Lady Antebellum had the second-best-selling album of 2010, thanks largely to the massive crossover title track, “Need You Now.” The country trio (Charles Kelley, Hillary Scott and Dave Haywood), who have six nominations at next month’s Grammys, headed back into the studio this week to begin recording their third album. “We were touring between the recording process the last two times we’ve done it. We actually just went ahead and decided we’re gonna take two, two and a half months straight in the studio to create this thing and not have all this distraction. Hopefully that will be a good thing,” Kelley told EW earlier this month when he interrupted a skiing trip to chat with us for our 2011 Preview issue, on stands Friday. “I always laugh and say that I thought we worked good in the chaos, and that was why it worked. We’ll see if having too much time, what that does to us. Hopefully it’s gonna make the process more enjoyable and not so stressful.”
Kelley says the group is more prepared to record this time than they’ve ever been. “I don’t know if it’s the pressure we put on ourselves or whatever, but we wrote a ton for this record while we were out on the road last year,” he says. “And we had a bunch of songwriters from Nashville come out on the road with us on the weekends and help keep us motivated to write. I hope we can do that for the rest of our careers. It will probably get harder and harder as we get kids and all that good stuff. But in the meantime, we were pretty tenacious.”
Kelley says the group penned about 50 songs, which they’ll narrow down along with some tunes that were pitched to them from other Nashville writers. He’s quick to tell you their mindset is realistic. “If we were to use the success of ‘Need You Now’ as the barometer for every other song, then we’ll probably be highly disappointed. That song will probably undoubtedly be the biggest song of our career. We can hopefully have success for 20 years, but we may not ever have the success of that one particular song again. But we might. You never know. But we’re gonna try not to chase it, is what I’m sayin’. If we try to chase that too much, we’ll start to deviate from what made the sound of the group.”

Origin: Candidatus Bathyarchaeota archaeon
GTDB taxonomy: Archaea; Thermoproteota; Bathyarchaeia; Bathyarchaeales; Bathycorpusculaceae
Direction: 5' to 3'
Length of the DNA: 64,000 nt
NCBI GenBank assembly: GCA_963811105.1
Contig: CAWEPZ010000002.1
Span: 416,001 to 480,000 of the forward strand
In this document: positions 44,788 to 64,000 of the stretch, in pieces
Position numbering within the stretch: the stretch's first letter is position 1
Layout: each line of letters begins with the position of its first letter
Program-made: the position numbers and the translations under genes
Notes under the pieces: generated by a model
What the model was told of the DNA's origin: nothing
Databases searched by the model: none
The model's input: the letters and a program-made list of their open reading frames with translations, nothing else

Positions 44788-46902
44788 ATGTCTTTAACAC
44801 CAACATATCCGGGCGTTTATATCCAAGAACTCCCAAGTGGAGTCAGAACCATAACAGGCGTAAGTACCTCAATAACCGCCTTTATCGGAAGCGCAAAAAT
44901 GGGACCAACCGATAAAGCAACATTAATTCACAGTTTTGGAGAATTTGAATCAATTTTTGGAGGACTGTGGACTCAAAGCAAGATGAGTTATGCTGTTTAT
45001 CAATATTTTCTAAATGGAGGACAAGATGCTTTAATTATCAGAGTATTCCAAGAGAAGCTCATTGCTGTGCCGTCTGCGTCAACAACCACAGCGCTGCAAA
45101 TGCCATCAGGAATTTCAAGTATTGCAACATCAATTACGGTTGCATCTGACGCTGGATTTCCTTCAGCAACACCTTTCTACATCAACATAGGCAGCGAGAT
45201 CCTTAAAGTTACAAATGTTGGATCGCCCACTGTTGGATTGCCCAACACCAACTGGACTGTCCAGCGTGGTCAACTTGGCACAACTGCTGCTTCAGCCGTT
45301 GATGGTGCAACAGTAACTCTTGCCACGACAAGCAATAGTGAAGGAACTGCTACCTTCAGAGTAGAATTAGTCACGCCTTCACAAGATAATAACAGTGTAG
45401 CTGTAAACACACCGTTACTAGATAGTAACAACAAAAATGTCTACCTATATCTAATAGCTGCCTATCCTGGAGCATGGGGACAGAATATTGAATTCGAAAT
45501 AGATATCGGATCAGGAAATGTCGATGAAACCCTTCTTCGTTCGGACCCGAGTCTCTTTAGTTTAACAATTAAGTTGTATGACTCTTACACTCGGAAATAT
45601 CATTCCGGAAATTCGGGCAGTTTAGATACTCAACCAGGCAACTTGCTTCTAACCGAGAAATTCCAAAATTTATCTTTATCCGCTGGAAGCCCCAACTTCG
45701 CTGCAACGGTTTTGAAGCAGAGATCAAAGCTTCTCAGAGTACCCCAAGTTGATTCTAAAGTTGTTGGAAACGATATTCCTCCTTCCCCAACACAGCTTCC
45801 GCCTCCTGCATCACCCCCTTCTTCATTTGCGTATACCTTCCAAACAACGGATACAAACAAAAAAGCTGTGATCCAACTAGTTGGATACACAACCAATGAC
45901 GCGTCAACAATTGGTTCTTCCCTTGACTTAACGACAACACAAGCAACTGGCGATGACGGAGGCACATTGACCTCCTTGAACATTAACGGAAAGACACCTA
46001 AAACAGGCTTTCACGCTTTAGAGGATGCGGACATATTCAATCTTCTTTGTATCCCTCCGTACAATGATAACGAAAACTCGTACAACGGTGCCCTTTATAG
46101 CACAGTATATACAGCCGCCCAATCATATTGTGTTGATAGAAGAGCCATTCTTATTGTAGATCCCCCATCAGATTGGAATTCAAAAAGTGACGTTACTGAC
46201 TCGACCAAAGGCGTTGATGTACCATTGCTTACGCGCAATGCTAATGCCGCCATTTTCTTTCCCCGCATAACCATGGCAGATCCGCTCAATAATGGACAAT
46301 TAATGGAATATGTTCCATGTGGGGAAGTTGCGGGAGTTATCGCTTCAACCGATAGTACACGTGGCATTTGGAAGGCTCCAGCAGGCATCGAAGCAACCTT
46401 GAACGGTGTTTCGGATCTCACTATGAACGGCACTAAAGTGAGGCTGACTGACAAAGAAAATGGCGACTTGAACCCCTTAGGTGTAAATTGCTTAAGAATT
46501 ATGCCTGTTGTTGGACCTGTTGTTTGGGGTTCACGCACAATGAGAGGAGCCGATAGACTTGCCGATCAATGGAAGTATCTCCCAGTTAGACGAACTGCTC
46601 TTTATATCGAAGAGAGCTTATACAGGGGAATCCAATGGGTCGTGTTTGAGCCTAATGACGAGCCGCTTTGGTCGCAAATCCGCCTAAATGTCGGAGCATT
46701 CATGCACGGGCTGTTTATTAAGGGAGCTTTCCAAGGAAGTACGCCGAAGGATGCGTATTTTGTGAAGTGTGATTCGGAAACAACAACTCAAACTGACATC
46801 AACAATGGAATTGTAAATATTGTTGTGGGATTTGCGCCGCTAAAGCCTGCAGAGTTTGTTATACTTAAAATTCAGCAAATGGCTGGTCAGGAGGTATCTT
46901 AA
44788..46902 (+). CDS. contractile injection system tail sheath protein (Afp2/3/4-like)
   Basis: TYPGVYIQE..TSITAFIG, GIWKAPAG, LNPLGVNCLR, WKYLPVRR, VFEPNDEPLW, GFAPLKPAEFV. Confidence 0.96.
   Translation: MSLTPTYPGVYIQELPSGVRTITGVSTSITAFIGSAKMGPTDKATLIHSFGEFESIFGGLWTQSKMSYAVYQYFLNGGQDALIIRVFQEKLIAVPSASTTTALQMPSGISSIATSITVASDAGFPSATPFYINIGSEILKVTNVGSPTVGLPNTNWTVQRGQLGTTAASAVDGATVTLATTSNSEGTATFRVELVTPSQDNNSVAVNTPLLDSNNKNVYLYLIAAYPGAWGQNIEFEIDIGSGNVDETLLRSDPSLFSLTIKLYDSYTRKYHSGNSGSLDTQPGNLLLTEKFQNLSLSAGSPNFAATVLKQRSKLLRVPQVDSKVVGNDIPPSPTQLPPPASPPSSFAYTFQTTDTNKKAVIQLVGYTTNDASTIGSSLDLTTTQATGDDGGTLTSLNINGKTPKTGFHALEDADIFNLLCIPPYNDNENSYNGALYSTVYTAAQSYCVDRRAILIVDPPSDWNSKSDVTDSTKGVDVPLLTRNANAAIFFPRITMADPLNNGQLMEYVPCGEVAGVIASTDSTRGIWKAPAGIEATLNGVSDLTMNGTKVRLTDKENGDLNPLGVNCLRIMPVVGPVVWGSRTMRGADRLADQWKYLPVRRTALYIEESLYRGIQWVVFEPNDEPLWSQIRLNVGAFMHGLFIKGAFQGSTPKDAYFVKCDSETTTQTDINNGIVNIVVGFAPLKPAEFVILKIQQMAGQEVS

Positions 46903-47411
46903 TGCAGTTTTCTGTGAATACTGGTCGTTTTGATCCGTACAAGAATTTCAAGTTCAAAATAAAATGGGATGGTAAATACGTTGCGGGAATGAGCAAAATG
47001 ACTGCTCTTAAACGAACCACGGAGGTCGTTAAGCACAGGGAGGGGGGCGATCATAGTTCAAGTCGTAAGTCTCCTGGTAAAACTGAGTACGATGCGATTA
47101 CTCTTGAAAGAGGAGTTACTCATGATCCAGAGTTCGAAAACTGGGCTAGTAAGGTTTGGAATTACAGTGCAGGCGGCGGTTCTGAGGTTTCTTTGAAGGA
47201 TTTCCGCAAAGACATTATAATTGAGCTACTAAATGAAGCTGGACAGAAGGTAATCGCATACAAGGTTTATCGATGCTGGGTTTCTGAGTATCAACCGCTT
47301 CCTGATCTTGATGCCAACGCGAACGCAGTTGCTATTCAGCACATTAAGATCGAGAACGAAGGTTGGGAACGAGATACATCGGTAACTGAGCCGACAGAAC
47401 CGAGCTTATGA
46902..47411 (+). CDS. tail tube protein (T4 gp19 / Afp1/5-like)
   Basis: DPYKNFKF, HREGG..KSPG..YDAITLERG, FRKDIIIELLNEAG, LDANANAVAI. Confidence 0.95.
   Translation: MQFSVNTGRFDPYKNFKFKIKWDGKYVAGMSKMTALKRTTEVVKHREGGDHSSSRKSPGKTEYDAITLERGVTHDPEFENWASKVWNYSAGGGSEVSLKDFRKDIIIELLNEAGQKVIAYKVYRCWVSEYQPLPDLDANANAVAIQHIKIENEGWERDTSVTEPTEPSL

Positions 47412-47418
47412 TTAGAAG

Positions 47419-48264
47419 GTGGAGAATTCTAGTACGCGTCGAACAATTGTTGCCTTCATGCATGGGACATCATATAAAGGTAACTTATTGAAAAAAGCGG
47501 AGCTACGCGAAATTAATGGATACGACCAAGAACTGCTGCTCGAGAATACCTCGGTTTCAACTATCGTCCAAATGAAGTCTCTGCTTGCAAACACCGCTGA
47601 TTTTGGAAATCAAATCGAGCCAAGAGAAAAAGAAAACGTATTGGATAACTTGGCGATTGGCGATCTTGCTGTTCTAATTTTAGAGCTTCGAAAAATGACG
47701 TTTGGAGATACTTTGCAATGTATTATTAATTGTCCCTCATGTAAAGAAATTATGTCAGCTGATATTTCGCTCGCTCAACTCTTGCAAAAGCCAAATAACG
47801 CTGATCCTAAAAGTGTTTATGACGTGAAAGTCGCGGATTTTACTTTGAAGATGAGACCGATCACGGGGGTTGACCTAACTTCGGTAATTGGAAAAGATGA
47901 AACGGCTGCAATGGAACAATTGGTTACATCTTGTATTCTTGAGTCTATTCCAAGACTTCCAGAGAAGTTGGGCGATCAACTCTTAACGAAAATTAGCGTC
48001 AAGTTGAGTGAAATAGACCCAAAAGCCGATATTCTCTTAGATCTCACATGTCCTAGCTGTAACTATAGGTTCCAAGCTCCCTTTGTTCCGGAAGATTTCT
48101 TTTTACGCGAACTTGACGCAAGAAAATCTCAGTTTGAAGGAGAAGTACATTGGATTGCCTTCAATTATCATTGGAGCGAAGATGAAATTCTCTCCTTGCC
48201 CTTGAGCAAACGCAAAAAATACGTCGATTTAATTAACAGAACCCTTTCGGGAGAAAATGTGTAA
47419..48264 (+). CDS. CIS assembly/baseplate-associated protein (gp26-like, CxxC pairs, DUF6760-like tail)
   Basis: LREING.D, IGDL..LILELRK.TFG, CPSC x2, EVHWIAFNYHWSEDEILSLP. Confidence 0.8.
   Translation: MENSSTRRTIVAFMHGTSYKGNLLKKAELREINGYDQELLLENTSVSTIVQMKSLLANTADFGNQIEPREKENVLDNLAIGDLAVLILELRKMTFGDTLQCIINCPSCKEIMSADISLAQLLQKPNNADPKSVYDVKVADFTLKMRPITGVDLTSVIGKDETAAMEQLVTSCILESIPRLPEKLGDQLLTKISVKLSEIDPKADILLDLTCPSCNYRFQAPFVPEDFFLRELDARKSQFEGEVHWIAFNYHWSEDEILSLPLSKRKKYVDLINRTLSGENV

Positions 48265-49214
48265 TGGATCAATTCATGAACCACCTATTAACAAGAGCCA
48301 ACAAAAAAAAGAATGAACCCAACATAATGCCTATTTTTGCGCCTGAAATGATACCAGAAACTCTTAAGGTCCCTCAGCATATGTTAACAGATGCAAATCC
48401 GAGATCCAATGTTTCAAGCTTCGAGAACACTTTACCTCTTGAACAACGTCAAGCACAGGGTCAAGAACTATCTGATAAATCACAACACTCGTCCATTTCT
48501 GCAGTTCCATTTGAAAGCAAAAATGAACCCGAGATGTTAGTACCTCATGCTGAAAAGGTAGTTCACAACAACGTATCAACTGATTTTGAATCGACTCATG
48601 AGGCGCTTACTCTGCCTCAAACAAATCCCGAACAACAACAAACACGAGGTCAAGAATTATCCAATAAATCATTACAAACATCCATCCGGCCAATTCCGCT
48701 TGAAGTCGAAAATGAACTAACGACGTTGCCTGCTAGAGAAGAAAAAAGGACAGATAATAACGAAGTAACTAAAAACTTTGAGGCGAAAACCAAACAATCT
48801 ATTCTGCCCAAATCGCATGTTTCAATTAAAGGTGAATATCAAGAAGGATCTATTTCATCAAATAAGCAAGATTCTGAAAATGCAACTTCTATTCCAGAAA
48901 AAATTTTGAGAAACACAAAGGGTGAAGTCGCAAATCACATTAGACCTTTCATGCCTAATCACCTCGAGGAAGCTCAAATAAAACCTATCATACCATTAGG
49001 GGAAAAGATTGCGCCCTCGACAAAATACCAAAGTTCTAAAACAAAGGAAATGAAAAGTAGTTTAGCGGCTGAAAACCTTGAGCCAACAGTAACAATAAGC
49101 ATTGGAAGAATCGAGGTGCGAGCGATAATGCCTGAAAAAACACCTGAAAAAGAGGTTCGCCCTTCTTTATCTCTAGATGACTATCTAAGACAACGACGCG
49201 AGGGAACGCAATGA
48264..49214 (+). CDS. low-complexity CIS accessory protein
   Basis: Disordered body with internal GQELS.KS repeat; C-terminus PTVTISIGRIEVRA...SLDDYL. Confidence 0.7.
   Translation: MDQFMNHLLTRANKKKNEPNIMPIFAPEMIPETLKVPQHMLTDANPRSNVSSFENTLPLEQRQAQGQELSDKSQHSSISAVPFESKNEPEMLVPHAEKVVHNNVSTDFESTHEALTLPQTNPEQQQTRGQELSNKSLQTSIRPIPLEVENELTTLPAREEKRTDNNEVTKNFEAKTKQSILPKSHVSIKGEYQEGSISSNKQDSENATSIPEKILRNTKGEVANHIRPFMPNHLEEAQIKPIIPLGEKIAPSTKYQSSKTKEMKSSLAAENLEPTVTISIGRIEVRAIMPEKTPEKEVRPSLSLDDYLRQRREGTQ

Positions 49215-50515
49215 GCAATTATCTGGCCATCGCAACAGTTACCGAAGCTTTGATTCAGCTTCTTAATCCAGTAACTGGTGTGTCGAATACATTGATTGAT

Still, it might find them: Ask him to name a song they’re excited about, and the first one he mentions is “Dancing Away With My Heart” — a sentimental reverie about first love they cowrote with their “Need You Now” collaborator Josh Kear. “We all remember high school dances, and how innocent those little moments were,” he says. Kelley’s wife noticed a common theme when she listened to the songs they were considering cutting. “I think there’s gonna be a lot of nostalgic songs on the record,” he says. “Maybe that’s just because we’re all getting a little older. Now we’re so busy and there’s a little part of us that yearns for a time when it was a little simpler. I don’t know what fueled that.” (Maybe because he and Haywood, who went to the same high school, had their 10-year class reunion last year and had to skip it because they had a show. “But we did make a little video for ’em saying we missed ’em and hoped everybody was doing well,” he says.)
While it’s obviously too early to know which songs will make the album, Kelley says they’re also excited about a track by Tom Douglas, who cowrote “I Run to You” (and that little Miranda Lambert hit “The House That Built Me”), called “Heart of the World.” (“Oh gosh, there’s another ‘heart’ song,” he says. Even a word repetition in your track list is something to consider.)
The trio doesn’t want to put more pressure on themselves, but Kelley knows what’s at stake. “Third records, they can be the most important ones in somebody’s career. They can kind of make and break. If people have enjoyed the first two, if you don’t come up with something special on the third one to really knock them dead, you can take a few steps back. Hopefully we’ll come out swinging on this record.” One of the things they’re talking about doing to make this album stand apart from the others — their first collaboration. “Probably not Bieber,” he says when asked if they’ll pull a Rascal Flatts. To each their own.